IA/FREETOWN/DAKAR, 14 January 2016 – Nearly 23,000 children who lost one or both parents or their primary caregivers to Ebola in Guinea, Liberia and Sierra Leone will continue to need care and support, UNICEF said as it welcomed the declaration that there are no more cases of the disease in West Africa.
Today’s declaration that Liberia is free of Ebola transmissions, having completed a 42-day period without a case of the disease, follows Guinea’s declaration in December and Sierra Leone’s in November. The country now enters a three month period of heightened surveillance.
“To have contained this epidemic is an achievement, but we can’t forget the terrible toll Ebola has taken on these countries,” said Manuel Fontaine, UNICEF’s Regional Director for West and Central Africa. “Many people continue to suffer, particularly those children whose lives have been left even more vulnerable by the virus.”
The vast majority of the children whose parents or caregivers died of Ebola have been taken in by immediate or extended family or community members, and it is critical to continue supporting them beyond the emergency phase through cash grants, school support, clothing and food during the transition and to sustain new family care arrangements.
Of the 28,637 people infected by Ebola in the more than two years since the outbreak started, 4,767 were children. A total of 11,315 people lost their lives to the virus – 3,508 of them children, representing more than one in four deaths. In addition, over 1,260 children who have survived the disease across the three countries are facing challenges that are both medical and social as many struggle to be accepted back into their communities.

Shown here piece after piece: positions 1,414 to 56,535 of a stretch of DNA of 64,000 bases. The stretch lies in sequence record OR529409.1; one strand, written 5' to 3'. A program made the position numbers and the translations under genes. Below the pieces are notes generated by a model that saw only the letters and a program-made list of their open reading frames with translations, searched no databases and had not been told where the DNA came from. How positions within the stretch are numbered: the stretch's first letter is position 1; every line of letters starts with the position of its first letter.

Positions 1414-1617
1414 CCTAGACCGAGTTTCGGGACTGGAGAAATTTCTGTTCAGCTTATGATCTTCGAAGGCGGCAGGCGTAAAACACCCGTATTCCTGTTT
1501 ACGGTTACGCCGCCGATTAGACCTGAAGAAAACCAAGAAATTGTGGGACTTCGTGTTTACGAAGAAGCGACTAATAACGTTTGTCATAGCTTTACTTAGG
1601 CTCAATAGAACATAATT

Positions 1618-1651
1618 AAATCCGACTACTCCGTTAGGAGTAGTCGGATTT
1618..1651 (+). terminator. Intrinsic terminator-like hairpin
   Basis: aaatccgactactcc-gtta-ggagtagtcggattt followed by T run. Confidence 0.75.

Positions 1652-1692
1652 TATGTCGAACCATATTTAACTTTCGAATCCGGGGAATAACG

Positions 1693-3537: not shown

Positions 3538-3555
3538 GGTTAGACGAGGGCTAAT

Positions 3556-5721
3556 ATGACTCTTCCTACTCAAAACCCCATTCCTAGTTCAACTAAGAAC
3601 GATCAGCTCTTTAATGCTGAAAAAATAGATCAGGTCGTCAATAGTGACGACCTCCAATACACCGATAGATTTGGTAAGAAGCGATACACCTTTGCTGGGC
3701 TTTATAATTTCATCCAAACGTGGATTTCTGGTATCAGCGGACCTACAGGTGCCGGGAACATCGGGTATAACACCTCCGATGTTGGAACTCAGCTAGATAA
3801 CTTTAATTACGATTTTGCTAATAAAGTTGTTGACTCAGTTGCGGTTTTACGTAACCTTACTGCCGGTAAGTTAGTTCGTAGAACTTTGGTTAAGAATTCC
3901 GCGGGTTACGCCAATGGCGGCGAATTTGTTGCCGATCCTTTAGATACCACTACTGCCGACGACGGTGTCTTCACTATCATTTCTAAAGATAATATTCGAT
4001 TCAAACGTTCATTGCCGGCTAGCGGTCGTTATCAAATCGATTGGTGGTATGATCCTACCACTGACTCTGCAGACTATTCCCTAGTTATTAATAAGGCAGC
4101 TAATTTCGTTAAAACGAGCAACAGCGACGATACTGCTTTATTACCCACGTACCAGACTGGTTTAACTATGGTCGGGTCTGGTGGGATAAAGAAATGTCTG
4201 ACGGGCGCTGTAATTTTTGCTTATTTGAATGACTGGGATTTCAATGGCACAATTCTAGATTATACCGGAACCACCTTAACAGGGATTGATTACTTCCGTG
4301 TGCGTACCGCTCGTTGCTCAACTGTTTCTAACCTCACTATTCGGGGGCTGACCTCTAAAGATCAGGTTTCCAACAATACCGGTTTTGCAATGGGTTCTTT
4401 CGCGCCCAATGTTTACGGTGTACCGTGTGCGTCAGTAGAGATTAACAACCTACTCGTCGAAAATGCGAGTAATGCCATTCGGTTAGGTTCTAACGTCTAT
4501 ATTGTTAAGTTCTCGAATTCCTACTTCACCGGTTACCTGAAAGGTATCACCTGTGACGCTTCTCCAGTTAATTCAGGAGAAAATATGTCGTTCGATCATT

“Ebola has been a terrifying experience for children,” said Fontaine. “We owe it to them and to all the people of Guinea, Liberia and Sierra Leone to continue to support them as they recover from the devastating effects this disease has had on their lives,” he added.
UNICEF’s support to vulnerable children across the three countries aims to reinforce systems for child protection. This means ensuring that national authorities are able to provide a range of protection services including psychosocial support, family tracing and reunification, interim or alternative care, and state and community-based networks to prevent and respond to abuse and violence against children, who are more at risk.
In addition to child protection support, UNICEF will continue to support campaigns to maintain vigilance and awareness as well as rapid response teams that conduct active surveillance, social mobilization and early isolation and provide basic services, such as health, nutrition and water, hygiene and sanitation services.
UNICEF is appealing for $15 million to fund Ebola emergency interventions in Guinea, Liberia and Sierra Leone for January-March 2016. This figure does not cover post-Ebola recovery work – only immediate needs.